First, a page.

The bill mandates a repeal of the student body vice president’s annual $2,400 stipend, which will be used instead to allocate funds to student organizations.
Members of the student government executive branch have said that if the stipend were eliminated, which is 0.62 percent of Student Congress’ allocations, the position will be less accessible to students who need an income to support themselves through college.
Brittany Best, finance committee chairwoman, said it is her duty to efficiently allocate student fees and best represent her constituents.
“This is the first step in maximizing the output,” Best said.
Leimenstoll, who receives financial aid and has maintained a job for most of his time at UNC, said he would not have run for office without the promise of a stipend.
“Now I don’t think the student body president can be someone who doesn’t have financial security,” Leimenstoll said.
Travis Crayton, chairman of the rules and judiciary committee and sponsor of the bill, said he is excited to have such a broad and diverse coalition support the equality of student organizations throughout campus.
Crayton argued that the position of student body vice president should not be considered any more important than similar leadership positions in student organizations.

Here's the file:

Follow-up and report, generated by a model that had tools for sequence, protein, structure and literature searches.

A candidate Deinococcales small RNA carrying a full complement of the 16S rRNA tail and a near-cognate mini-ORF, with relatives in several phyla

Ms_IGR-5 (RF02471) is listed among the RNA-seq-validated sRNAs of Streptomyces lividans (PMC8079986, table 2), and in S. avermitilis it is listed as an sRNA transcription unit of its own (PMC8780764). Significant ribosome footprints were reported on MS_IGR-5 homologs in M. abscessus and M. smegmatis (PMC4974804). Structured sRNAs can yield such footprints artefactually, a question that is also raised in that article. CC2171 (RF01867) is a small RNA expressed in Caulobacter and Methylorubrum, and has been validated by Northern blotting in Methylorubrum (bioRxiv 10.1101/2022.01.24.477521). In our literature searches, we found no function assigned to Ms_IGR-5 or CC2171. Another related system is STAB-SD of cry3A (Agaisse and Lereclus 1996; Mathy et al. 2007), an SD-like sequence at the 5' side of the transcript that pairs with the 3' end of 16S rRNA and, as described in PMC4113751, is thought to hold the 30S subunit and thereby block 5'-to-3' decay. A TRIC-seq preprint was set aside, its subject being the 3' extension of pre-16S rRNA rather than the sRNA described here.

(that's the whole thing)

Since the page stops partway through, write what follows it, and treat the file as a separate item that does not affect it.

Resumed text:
“I believe that every student’s decisions and service should be respected equally and are no different than our peers in any other organization. We should be treated equally with our money we pay each semester to finance committee to allocate in a fair way,” he said.
If upheld, the bill will take effect in April 2013, so current Student Body Vice President Rachel Myrick will not be affected by the decision.
District 7 Representative Austin Gilmore, who also serves as president of the UNC Young Democrats, said that Student Congress acted a bit rashly by passing the bill.
“I don’t think this has done anything productive to help relations between Student Congress and the executive branch,” he said.
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